varies from North to South. The Southern, Central and Eastern portions of the territory is tropical high forest covered in thick verdant foliage and composed of many varieties of hardwood timber such as Milicia excelsa
Milicia excelsa
which is more commonly known locally as Iroko, Antiaris
africana, Terminalia superba
Terminalia superba
which is known locally as Afara, Entandrophragma
or Sapele, Lophira alata, Triplochiton scleroxylon
Triplochiton scleroxylon
(or Obeche), Khaya
grandifoliola (or African Mahogany) and Symphonia globulifera
Symphonia globulifera
amongst numerous other species. Some non-native species such as Tectona grandis
Tectona grandis
(Teak) and Gmelina arborea (Pulp wood) have been introduced into the ecosystem and are being extensively grown in several large forest plantations. The ecosystem here forms the major section of the Nigerian lowland forest region, the broadest forested section of Nigeria. The coastal section of this area features an area covered by swamp flats and dominated by such plants as mangroves and other stilt plants as well as palms, ferns and coconut trees on the beaches. This portion includes most of Ondo, Ekiti, Ogun, Osun, Lagos
states and is characterised by generally high levels of precipitation defined by a double maxima (peak period); March–July and September–November. Annual rainfall in Okitipupa, for example, is in excess of 2,000mm.[5] The area is the center of a thriving Cocoa, Natural rubber, Kola nut and Oil palm
Oil palm
production industry, as well as lucrative logging. Ondo, Ekiti and Osun states are the leading producers of cocoa in Nigeria,[6][7] while the southern portions of Ogun and Ondo states (Odigbo, Okitipupa
and Irele) play host to large plantations of oil palm and rubber. The northern and western portions of the region is characterized by tropical woodland savanna climate (Aw), with a single rainfall maxima. This area covers the Northern two-third of Oyo, Northwestern Ogun, Kwara, Kogi, Collines (Benin), Northern half of Plateau department (Benin) and Central Togo. Part of this region is derived savanna which was once covered in forest but has lost tree cover due to agricultural and other pressures on land. Annual rainfall here hovers between 1,100 and 1,500mm. Annual precipitation in Ilorin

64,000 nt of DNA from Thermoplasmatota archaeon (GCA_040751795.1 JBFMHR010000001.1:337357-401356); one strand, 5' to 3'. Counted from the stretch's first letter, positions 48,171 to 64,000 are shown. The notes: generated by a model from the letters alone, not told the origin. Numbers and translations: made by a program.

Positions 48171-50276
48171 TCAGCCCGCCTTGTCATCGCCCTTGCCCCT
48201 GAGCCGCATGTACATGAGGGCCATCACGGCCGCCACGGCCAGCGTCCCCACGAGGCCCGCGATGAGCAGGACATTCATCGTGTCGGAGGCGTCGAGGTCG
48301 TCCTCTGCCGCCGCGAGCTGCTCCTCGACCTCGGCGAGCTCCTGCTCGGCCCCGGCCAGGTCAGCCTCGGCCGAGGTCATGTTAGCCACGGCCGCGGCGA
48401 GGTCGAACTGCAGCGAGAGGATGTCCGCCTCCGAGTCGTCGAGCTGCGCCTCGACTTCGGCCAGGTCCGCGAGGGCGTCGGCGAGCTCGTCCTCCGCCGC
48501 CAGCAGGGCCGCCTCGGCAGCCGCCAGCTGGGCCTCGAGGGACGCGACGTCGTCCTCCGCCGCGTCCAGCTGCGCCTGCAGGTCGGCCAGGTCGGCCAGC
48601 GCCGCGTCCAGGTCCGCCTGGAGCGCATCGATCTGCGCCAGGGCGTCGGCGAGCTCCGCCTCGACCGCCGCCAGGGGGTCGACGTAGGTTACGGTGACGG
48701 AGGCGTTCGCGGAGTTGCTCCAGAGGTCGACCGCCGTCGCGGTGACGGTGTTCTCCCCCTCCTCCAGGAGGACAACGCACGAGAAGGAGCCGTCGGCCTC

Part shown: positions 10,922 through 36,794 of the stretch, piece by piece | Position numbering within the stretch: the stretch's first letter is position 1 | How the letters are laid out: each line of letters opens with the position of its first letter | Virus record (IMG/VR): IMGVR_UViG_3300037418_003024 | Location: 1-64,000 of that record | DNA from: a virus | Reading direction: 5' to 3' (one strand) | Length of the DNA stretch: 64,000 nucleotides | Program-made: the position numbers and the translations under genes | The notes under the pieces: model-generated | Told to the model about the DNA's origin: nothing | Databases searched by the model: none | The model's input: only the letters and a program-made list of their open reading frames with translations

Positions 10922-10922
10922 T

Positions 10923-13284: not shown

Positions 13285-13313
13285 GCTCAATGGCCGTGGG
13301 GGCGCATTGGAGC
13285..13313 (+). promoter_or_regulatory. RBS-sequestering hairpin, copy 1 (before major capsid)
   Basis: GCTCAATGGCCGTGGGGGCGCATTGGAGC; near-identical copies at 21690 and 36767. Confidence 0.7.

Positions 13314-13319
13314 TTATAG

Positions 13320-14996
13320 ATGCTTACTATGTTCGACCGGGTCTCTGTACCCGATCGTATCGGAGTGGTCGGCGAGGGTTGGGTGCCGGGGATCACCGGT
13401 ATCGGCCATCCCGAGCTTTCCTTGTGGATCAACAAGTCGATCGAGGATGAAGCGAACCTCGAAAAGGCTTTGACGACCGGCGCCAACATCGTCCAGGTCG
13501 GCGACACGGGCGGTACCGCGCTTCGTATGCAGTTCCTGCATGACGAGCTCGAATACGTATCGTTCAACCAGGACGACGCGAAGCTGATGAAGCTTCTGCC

for example is 1,220 mm.[8] Tree species here include the Blighia sapida
Blighia sapida
more commonly known as Ackee in English and Ishin in Yoruba, and Parkia biglobosa which is the locust bean tree used in making Iru or ogiri, a local cooking condiment. The monsoon (rainy period) in both climatic zones is followed by a drier season characterized by northwest trade winds that bring the harmattan (cold dust-laden windstorms) that blow from the Sahara. They normally affect all areas except a small portion of the southern coast. Nonetheless, it has been reported that the harmattan has reached as far as Lagos
in some years. Administrative divisions[edit]


Country  Nigeria

State Area (Km2) Regional Capital Largest City 2nd Largest City Map

Ekiti State 6,353 Ado Ekiti Ado Ekiti Ikere-Ekiti

State 9,351 Lokoja Kabba Isanlu

State 17,000 Ilorin Ilorin Offa

State 3,345 Ikeja Alimosho Ikorodu

Ogun State 16,762 Abeokuta Otta-Ijoko-Ifo Abeokuta

Ondo State 15,500 Akure Akure Ondo, Owo

Osun State 9,251 Oshogbo Oshogbo Ile-Ife, Ilesha

Oyo State 28,454 Ibadan Ibadan Ogbomosho

Area = 106,016 km2

Country  Benin

Department Area (Km2) Regional Capital Largest City 2nd Largest City

Borgu (Shaworo) 5,000 ____ Shaworo Papane

Collines 12,440 Savalou Shabe Idasa

Donga (Bassila) 5,661 ____ Bassila Manigri

Plateau 3,264 Sakete Pobe Ketu, Sakete

Weme 500 Porto Novo Porto Novo Adjarra

Area ≈ 26,865 km2

Country  Togo

Region Area (Km2) Regional Capital Largest City 2nd Largest City

Central (Chamba) 3,149 ____ Kambole Alejo

Plateaux 6,084 Atakpame Atakpame Anié, Morita

Area ≈ 9,233 km2 Yorubaland
Area ≈ 142,114 km2

Prehistory and oral tradition[edit] Settlement[edit] Oduduwa
is regarded as the legendary progenitor of the Yoruba, and almost every Yoruba settlement traces its origin to princes of Ile-Ife in Osun State, Nigeria. As such, Ife
can be regarded as the cultural and spiritual homeland of the Yoruba nation, both within and outside Nigeria. According to an Oyo account, Oduduwa
was a Yoruba emissary; said to have come from the east, sometimes understood by some sources as the "vicinity" true East on the Cardinal points, but more likely signifying the region of the Ekiti and Okun sub-communities in Yorubaland, Nigeria.[9] On the other hand, linguistic evidence seems to corroborate the fact that the eastern half of Yorubaland